Interfaith luncheon will focus on uniting for peace: Leader says he will explore ways to build goodwill
"Interfaith Growing, Uniting to Build Peace" is the theme for the 52nd annual Kanawha Valley Interfaith Council Luncheon.
The public event is set for 11:30 a.m. April 24 at John XXIII Pastoral Center, 100 Hodges Road in Charleston. The speaker is the Rev. Gregory Hayes, pastor of First United Methodist Church in Beckley.
"I plan to explore some steps necessary for people of goodwill to build peace in the community and the nation," he said. "I will talk about steps toward peace. In the aftermath of Sept. 11, it's imperative we unite to build peace.
"When you consider the violence done in the name of religion, it's important for people of different faiths to come together to build peace. It requires work. It is much like a marriage."
Soon after the Sept. 11 terrorist attacks in New York, Hayes and some other pastors tried to organize an interfaith prayer gathering. He heard comments from some who refused to attend because Muslims would be there praying to another God.
"There is only one God," Hayes said. "The persecution of Muslims for being who they are was wrong."
While there are similarities among religions there are also differences that define who we are and it is important to recognize those as well, he pointed out.
"I applaud the efforts of the Kanawha Valley Interfaith Council," Hayes said. "When we consider peace and a just society we can rally around without debating theological fine points."
Hayes, a native West Virginian, is a third-generation Protestant pastor and an author. His most recent book is "The Search for Salaam: September 2001 and its Aftermath."
At this year's interfaith luncheon, donations will be accepted for Brookside Children's Home in Kanawha City.
The residential home is licensed by the state Department of Health and Human Resources and overseen by Union Mission Ministries. The home receives no federal or state monies and is supported totally through contributions.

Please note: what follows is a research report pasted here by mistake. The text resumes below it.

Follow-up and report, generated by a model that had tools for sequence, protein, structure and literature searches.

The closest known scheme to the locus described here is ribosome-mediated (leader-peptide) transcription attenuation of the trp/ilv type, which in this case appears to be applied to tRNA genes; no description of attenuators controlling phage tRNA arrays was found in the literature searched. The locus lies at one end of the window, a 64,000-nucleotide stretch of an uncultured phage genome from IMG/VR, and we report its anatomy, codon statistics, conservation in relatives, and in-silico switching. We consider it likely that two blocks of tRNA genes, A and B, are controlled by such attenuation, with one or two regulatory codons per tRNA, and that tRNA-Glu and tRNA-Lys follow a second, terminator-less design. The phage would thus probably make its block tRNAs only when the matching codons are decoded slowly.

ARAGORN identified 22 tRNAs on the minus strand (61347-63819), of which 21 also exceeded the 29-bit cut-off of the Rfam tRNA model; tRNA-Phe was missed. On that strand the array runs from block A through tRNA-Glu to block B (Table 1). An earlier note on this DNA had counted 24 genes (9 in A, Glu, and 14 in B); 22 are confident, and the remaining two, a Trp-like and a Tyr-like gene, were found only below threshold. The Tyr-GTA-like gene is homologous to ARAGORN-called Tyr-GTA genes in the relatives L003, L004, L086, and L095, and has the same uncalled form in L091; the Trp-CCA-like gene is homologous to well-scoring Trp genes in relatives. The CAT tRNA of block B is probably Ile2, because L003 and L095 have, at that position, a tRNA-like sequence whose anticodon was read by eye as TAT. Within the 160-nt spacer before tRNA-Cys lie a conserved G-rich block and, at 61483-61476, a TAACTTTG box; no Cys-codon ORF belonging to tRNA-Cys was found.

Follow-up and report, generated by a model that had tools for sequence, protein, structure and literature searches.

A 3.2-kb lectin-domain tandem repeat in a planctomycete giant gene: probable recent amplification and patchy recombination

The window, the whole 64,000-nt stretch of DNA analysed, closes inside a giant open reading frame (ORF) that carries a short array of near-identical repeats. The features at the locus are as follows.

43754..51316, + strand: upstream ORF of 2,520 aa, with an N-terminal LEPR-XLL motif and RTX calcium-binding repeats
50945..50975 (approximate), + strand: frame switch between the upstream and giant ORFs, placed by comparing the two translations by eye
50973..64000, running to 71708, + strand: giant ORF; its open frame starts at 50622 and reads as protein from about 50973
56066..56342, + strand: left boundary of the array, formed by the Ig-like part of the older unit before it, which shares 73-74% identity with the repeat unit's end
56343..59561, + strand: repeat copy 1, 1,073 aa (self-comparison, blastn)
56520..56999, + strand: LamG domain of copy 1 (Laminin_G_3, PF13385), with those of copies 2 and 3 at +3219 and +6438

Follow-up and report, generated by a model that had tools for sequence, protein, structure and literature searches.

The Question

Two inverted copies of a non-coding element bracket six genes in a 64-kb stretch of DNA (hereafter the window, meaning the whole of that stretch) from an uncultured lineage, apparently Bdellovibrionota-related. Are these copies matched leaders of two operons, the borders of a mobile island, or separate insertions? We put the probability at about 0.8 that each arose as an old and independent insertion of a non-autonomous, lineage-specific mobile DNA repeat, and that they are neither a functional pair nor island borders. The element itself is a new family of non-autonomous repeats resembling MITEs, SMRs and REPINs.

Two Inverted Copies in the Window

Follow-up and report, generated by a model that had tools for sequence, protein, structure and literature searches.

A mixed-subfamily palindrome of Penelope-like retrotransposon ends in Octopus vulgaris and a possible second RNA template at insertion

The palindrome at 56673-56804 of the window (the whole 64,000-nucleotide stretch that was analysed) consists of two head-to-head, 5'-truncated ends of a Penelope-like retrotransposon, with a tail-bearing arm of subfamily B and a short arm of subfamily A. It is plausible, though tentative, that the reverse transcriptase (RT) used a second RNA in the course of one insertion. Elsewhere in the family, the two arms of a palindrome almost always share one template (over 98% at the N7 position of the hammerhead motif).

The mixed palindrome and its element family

Since Brookside reopened a year ago, 14 children have been assisted, said the Rev. Rex Whiteman, president and CEO of Union Mission Ministries. The facility is not licensed to treat children with substance abuse problems but helps youth in a variety of situations. Counseling is provided for children and their families.
"It's always a transitional situation," Whiteman said. "Many situations would bring children to us. There may be difficulties in the home for various reasons - the health of a parent, a death or a separation with the child is caught in the middle. Our goal is to get the child back with the family if the family structure is still intact.
"We are a Christian-based private facility," he said. "We provide Christian values and principles in a loving and direct way but not in a forced way."
Brookside has an interesting history.
"It was founded in the mid '30s as the Union Mission Children's Home," Whiteman said. "When the mission was downtown it took in orphans and even had midwives who delivered babies."
Some of these babies were left with the mission where they were put up for adoption. Whiteman said people sometimes call in search of their roots.
"The program has gone through a lot of development and changes," he said. "In 1987 it closed and the property was leased to Shawnee Hills."
In 1997, Union Mission began a $1.5 million fund-raising drive to renovate and reopen Brookside in order to help children caught in the midst of difficult situations. Brookside reopened in March of 2001. It costs about $500,000 a year to operate the facility located on South Park Road.
"An ongoing need is staffing and house parents," he said. "We've been slow starting because there are not enough house parents. Our house parents are residents. It becomes their life."
Whiteman said he is grateful to the Kanawha Valley Interfaith Council for choosing Brookside Children's Home as this year's project.
The luncheon is sponsored by Council of Catholic Women, Temple Israel Sisterhood, Islamic Association of West Virginia, Orthodox (Eastern and Greek), Church Women United, Vedanta Society and Baha'i.
Seating to the luncheon is limited. Tickets are $10 each. To receive tickets by mail, send $10 for each with checks made payable to KVIC. Include a self-addressed return envelope. Reservations for free childcare should be included with ticket order. Parents are asked to bring bag lunches for children.
Send ticket orders to: Mailbox Plus Inc., 1652 Fourth Ave., Charleston, WV 25312. Mail orders must be received by April 17. Tickets may be purchased directly until April 19 at Mailbox Plus, located just off Patrick Street. For more information call 346-1585.
Writer Charlotte Ferrell Smith can be reached at 348-1246 or by e-mail at email@example.com.
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